Roche and Genentech also have Zelboraf and MPDL3280A (RG7446), a human mAb against programmed cell death 1 ligand 1 (CD274 molecule; PD-L1; B7-H1), in Phase Ib testing in previously untreated patients with BRAF V600 mutation-positive melanoma.

Macrophage futures

The team has conducted follow-on studies to explore the therapeutic implications of another finding from the JCI study: results of microarray analyses showing that more than 50% of tumor-infiltrating macrophages highly expressed MERTK.

Indeed, Graham said the team has another paper in press showing that MERTK inhibition-in addition to its direct effect on tumors-has an immunomodulatory action in melanoma and other MERTK-expressing cancers.

"We think that the high levels of MERTK expressed on tumor-infiltrating macrophages may increase their efficiency at clearing apoptotic melanoma cells" and thus limit the time during which antigens from those dying cells could trigger an immune response, Graham said. Thus, MERTK inhibition could decrease macrophage-aided cell clearance and thereby stimulate immune responses to the tumor, he said.

He added, "The immunomodulatory effect of MERTK inhibition on macrophages could also be important in cancer types that themselves do not overexpress MERTK."

The team also is collecting plasma serum from patients with melanoma to determine whether circulating levels of soluble MERTK or GAS6 correlate with disease progression and is planning studies to better understand the role of MERTK in cancer cell migration, invasion and metastasis, Graham said.

The University of North Carolina at Chapel Hill has patented the MERTK inhibitors and their therapeutic uses. The IP is available for licensing.

Haas, M.J. SciBX 6(16); doi:10.1038/scibx.2013.380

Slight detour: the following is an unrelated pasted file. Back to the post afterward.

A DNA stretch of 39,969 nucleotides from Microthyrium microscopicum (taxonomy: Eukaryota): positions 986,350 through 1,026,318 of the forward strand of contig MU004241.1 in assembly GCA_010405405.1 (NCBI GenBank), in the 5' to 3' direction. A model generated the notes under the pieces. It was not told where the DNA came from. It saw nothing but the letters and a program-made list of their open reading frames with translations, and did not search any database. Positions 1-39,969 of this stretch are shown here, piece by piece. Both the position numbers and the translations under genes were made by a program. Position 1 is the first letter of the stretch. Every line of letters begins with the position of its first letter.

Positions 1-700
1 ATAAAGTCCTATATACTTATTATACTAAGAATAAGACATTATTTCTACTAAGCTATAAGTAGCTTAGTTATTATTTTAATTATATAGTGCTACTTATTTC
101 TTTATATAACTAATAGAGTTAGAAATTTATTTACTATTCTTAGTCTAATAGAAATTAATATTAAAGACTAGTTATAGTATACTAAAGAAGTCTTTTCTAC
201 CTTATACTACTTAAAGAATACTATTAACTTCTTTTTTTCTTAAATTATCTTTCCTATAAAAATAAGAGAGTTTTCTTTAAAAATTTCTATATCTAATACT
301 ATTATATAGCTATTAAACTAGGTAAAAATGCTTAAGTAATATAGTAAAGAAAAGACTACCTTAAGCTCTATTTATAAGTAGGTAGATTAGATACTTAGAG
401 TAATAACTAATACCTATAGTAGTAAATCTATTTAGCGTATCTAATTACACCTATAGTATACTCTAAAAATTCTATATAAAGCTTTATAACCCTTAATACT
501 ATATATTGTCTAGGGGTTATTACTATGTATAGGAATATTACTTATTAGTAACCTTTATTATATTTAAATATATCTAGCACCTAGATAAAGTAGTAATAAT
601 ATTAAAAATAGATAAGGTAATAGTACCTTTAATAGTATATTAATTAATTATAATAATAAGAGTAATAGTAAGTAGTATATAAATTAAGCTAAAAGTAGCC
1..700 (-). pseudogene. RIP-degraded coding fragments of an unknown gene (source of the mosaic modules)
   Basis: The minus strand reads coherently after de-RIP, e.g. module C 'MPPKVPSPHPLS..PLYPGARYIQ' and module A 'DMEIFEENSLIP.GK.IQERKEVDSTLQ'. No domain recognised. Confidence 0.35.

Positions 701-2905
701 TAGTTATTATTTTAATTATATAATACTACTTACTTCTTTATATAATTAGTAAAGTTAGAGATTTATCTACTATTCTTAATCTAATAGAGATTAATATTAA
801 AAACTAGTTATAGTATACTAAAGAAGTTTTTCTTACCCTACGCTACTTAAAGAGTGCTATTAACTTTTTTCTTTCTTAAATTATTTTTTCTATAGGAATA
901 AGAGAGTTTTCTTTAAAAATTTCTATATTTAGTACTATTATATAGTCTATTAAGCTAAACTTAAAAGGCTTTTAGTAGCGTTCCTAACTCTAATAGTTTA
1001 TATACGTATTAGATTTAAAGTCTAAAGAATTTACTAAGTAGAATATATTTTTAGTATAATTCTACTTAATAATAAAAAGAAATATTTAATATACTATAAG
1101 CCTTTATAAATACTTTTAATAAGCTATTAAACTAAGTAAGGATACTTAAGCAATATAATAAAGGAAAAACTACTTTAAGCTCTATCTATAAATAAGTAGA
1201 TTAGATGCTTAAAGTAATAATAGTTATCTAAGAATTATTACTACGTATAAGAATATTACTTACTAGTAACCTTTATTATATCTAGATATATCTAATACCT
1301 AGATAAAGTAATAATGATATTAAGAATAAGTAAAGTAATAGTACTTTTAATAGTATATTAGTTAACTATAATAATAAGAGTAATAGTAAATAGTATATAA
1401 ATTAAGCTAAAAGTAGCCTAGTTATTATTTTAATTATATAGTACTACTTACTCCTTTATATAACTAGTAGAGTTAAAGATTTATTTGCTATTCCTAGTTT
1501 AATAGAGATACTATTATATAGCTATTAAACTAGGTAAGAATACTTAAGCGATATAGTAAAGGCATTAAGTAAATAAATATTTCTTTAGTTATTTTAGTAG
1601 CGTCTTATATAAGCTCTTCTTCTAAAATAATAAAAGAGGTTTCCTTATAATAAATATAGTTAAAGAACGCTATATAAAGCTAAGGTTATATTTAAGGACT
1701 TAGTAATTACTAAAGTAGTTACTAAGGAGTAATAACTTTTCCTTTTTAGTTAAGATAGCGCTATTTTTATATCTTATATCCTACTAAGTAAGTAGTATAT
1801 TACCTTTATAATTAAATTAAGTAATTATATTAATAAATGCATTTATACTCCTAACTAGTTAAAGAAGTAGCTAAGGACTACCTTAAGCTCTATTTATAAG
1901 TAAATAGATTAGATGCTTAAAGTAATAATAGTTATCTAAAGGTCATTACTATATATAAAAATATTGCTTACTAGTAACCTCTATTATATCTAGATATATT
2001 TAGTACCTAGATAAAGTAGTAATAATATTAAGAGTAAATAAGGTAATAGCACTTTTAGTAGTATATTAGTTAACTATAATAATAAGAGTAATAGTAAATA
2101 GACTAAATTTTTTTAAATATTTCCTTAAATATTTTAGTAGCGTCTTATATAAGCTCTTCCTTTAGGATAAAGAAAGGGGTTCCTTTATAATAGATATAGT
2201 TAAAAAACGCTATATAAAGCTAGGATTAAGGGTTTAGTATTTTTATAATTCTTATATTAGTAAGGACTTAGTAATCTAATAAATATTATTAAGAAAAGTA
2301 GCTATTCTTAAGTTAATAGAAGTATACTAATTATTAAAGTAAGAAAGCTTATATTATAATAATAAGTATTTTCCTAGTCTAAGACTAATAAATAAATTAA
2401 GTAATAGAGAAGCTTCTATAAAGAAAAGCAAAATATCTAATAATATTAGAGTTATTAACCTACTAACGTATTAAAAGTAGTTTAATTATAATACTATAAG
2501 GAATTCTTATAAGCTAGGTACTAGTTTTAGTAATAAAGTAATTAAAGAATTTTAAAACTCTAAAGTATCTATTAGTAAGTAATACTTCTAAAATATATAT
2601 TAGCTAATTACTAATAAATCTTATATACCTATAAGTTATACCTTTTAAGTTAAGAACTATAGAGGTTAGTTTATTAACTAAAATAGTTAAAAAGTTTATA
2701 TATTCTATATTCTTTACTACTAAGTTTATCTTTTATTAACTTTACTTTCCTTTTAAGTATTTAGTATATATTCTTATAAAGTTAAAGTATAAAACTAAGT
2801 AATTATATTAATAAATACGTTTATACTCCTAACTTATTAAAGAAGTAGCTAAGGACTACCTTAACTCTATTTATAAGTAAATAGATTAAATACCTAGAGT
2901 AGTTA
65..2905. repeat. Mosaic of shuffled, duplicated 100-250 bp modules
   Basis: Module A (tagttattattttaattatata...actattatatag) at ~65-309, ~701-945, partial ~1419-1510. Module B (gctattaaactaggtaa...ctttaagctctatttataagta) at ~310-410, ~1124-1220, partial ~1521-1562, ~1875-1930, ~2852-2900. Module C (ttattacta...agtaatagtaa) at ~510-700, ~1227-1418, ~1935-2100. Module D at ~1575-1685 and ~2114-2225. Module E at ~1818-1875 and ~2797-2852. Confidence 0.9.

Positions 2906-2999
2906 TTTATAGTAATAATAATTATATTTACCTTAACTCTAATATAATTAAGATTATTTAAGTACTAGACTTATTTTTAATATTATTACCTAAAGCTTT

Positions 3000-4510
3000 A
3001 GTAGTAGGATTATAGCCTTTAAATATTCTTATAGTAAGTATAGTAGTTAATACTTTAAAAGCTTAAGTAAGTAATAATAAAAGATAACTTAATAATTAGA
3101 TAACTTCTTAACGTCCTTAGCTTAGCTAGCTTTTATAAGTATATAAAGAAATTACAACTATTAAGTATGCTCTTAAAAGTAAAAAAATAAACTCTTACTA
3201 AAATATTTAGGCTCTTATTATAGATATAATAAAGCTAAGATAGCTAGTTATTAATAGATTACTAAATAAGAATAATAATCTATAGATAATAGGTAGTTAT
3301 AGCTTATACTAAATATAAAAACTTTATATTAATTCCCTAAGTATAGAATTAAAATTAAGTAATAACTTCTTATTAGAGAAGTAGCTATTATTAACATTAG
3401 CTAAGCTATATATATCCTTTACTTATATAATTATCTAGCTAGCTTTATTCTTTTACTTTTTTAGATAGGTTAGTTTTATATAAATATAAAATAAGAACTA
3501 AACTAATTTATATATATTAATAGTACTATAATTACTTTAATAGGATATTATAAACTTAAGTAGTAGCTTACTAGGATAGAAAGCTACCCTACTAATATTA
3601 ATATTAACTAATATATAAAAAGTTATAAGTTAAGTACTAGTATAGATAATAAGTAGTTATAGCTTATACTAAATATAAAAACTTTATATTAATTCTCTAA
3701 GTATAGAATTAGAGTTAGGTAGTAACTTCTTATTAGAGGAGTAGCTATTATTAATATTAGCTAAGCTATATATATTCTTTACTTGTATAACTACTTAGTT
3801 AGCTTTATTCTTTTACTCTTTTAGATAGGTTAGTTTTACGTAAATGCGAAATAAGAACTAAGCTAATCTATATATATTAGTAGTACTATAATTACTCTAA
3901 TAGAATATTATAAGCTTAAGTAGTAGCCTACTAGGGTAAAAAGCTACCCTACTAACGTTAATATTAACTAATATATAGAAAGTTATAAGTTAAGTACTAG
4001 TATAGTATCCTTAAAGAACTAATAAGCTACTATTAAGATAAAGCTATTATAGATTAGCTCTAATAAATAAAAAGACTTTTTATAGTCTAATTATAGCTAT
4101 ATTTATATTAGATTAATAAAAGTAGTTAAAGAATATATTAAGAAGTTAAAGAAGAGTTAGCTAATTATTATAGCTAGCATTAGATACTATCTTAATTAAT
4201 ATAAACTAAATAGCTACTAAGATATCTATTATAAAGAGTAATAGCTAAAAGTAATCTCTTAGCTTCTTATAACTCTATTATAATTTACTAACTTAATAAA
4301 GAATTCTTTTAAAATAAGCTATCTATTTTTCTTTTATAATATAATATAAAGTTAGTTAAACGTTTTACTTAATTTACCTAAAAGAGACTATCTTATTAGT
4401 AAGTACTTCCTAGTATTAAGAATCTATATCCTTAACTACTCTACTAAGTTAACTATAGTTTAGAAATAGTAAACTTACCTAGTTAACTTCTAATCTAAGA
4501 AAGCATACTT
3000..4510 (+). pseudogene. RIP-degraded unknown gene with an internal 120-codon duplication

Published online April 25, 2013

REFERENCES

1.   Schlegel, J. et al. J. Clin. Invest.; published online April 15, 2013; doi:10.1172/JCI67816
Contact: Douglas K. Graham, University of Colorado Denver School of Medicine, Aurora, Colo.
e-mail: doug.graham@ucdenver.edu

2.   Graham, D.K. et al. Clin. Cancer Res. 12, 2662-2669 (2006)

3.   Wu, Y.-M. et al. Cancer Res. 64, 7311-7320 (2004)

4.   Keating, A.K. et al. Mol. Cancer Ther. 9, 1298-1307 (2010)

5.   Linger, R.M.A. et al. Oncogene; published online August 13, 2012; doi:10.1038/onc.2012.355

6.   Tworkoski, K. et al. Mol. Cancer Res. 9, 801-812 (2011)

7.   Zhu, S. et al. Proc. Natl. Acad. Sci. USA 106, 17025-17030 (2009)

8.   Sensi, M. et al. J. Invest. Dermatol. 131, 2448-2457 (2011)

9.   Brandao, L.N. et al. Blood Cancer J.; published online Jan. 25, 2013; doi:10.1038/bcj.2012.46

10. Keating, A.K. et al. Oncogene 25, 6092-6100 (2006)

COMPANIES AND INSTITUTIONS MENTIONED

Chugai Pharmaceutical Co. Ltd. (Tokyo:4519), Tokyo, Japan

Daiichi Sankyo Co. Ltd. (Tokyo:4568; Osaka:4568), Tokyo, Japan

Exelixis Inc. (NASDAQ:EXEL), South San Francisco, Calif.

Genentech Inc., South San Francisco, Calif.

H. Lee Moffitt Cancer Center & Research Institute, Tampa, Fla.

Harvard Medical School, Boston, Mass.

Massachusetts General Hospital, Boston, Mass.

Roche (SIX:ROG; OTCQX:RHHBY), Basel, Switzerland

University of Colorado Denver School of Medicine, Denver, Colo.

The University of North Carolina at Chapel Hill, Chapel Hill, N.C.

University of Pittsburgh School of Medicine, Pittsburgh, Pa.